My first clue that Dickie and Angel on KODJ (alias "Oldies 94.1") don't comprise an ordinary radio show was when Angel called Dickie "honey" with the firm affection that only a wife can convey.

"Married With Microphones" is the title of their 6-9 weekday morning show. Not only is their married aspect a delight to observe, but as radio personalities, the two have 50 years of broadcasting experience between them and certainly know how to have fun on the air.Although sometimes separated in two small studios with a glass window between them, the Shannons - Dickie, 48, and Angel, 38, - form a rare husband-wife radio team. (Todd and Erin of "Fisher, Todd and Erin" on KISN-FM are the only other local equivalent.)

Dickie started at KODJ about three years ago. Four months later, he got to hire Angel to do news - with no hint the two would ever become more than colleagues.

They grew up on opposite sides of the country. Dickie is from Massachusetts. He started out in radio at the University of Kansas during 1967, having wanted to be a DJ since age 14. (Today with the station's oldies format, he gets to play a lot of music from that era.)

"I hung around the studio a lot," he said of college radio.

He worked at 14 different stations in many states, until he had three job offers at once in 1994. One was from Utah, and after spending the night here in March, he decided he liked the great scenery and mountains.

Angel, from Myrtle Creek, Ore., has been in radio 20 years. She was playing in a band in 1977 while working as an executive secretary, when a radio station manager inquired if she had any interest in the industry. She worked a six-month internship and then became a full-time DJ.

She's worked as a program director in Dallas and Louisiana but decided she had to return to mountain country to snow ski and feel at home. She was on her way back to the Northwest when the Utah job opened and she applied.

The romantic relationship was a gradual one. Both were divorced. They were married March 18 of this year and decided to use the husband-wife angle as a good focus for their show. Angel also decided later to change her last name from DeVille to Shannon because some listeners thought the two were "living in sin."

The Shannons live in Kearns and have to rise by 3:30 each weekday to get to work. Since Dickie is also station program director and Angel is involved with promotions, they don't get off work until about 3 p.m.

Radio may be a topic of conversation on the drive home, but the two have plenty of other common interests outside broadcasting. They cook together and both race at autocross. Dickie ia also into collecting toy cars - automobilia - while Angel loves to shop - mostly for bargains.

You'd think they see enough of each other, but they openly kiss in the radio studio and admit they'd even like to spend more time together.

"This lady is my very best friend," Dickie said.

He leaves the studio at 9 a.m. for programming duties each morning and Angel remains for a one-hour solo show.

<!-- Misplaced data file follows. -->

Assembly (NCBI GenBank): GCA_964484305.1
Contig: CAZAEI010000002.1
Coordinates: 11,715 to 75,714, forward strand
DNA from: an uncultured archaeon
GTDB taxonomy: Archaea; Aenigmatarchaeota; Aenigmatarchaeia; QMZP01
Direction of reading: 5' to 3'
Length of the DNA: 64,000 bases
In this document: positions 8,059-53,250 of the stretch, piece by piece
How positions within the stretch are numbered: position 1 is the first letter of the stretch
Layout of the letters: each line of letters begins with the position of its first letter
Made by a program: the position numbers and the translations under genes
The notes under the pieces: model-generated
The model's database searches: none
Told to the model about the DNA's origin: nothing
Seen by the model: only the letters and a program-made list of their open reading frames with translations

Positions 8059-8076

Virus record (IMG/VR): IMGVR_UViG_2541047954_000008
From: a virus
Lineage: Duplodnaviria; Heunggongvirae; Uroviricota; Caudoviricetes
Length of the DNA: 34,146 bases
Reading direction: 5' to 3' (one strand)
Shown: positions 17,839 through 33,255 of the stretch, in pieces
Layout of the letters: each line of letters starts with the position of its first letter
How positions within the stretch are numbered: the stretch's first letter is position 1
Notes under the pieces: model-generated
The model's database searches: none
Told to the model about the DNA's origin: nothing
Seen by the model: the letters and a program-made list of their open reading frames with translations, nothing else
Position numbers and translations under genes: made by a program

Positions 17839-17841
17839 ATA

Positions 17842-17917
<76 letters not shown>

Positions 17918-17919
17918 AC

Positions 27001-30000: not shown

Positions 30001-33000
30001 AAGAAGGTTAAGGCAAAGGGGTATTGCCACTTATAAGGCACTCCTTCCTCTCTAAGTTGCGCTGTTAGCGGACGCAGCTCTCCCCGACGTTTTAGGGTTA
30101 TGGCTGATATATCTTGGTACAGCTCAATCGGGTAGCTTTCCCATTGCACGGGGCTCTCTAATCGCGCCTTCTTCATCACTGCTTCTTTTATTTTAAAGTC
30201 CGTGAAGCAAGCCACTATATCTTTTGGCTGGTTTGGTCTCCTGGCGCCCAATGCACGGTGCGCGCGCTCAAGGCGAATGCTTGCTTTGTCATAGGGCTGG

NO. 1 FOR YOUNG ADULTS: "Kerry, Bill and Gina" of KXRK (alias "X-96," FM) have created what many young adults believe is the most entertaining morning show in all Wasatch Front radio.

The show is estimated by Arbitron Co. to have the No. 1 audience for young adults ages 18-34 and it also ranks fourth among the age 12-plus general listening group.

The DJs rely on a wide variety of entertainment, and that may be why some older adults - including doctors and lawyers - reportedly listen to their show, despite not liking the alternative music the station plays.

"We just try and produce an entertaining show," Bill Allred said. "We don't consciously say, `Let's do this.' "

Allred also credits program director Mike Summers for his music lineup, which attracts the bread-and-butter young adult audience for the station.

He said the show's comedy goes from a social commentary to the broadest of slapstick routines.

Kerry Jackson, another member of the morning team, agrees. "We just try to amuse ourselves," he said.

He said anyone can do outrageous radio that relies on belching and other disgusting actions, but he hopes the KXRK morning team has raised the bar a bit in terms of creativity.

Jackson said all three team members are fans of different styles of comedy and that helps the variety level too.

From "Space Elders" to the chatter from regular correspondents like "Louise" and "Kyle," the show has a little something for everyone.

Admittedly this is not a family show, nor is it among the milder morning shows on the radio dial. But there are others that are much more risque.

Allred and Jackson have been together at KXRK since Oct. 18, 1993. That makes them the third-longest surviving morning team in the market, behind "Fisher and Todd" of KISN-FM and "Allen and Wheeler" of KLO-AM.

- BACK ON THE AIR - "Kidd Cassidy," formerly the morning DJ on KKAT (FM-101.9), is back on the radio waves, though not in Salt Lake City. Cassidy, who is now using his real name of John Potter and doing a morning shift on WODS-FM in Boston.

Cassidy was fired from KKAT last summer, but said WODS sought him out for the new job.

- RADIO HAPPENINGS - "Uncle Nasty" and "Hammer" on KBER kicked off a new crosswalk awareness campaign Wednesday, to help make drivers aware of school zones and safety. The DJs also got the state to proclaim December as "Crosswalk Awareness Month" . . . "Frankie C" of the KZHT morning show tried living homeless in a box on the street for 94.9 hours this week. He wanted to call attention to the needy . . .

Jon Carter on KRSP gave away Outback Steakhouse dinners this week . . . "Mick and Allen" on KURR staged another NFL night at the Rascals Club Monday, offering a pick the score contest.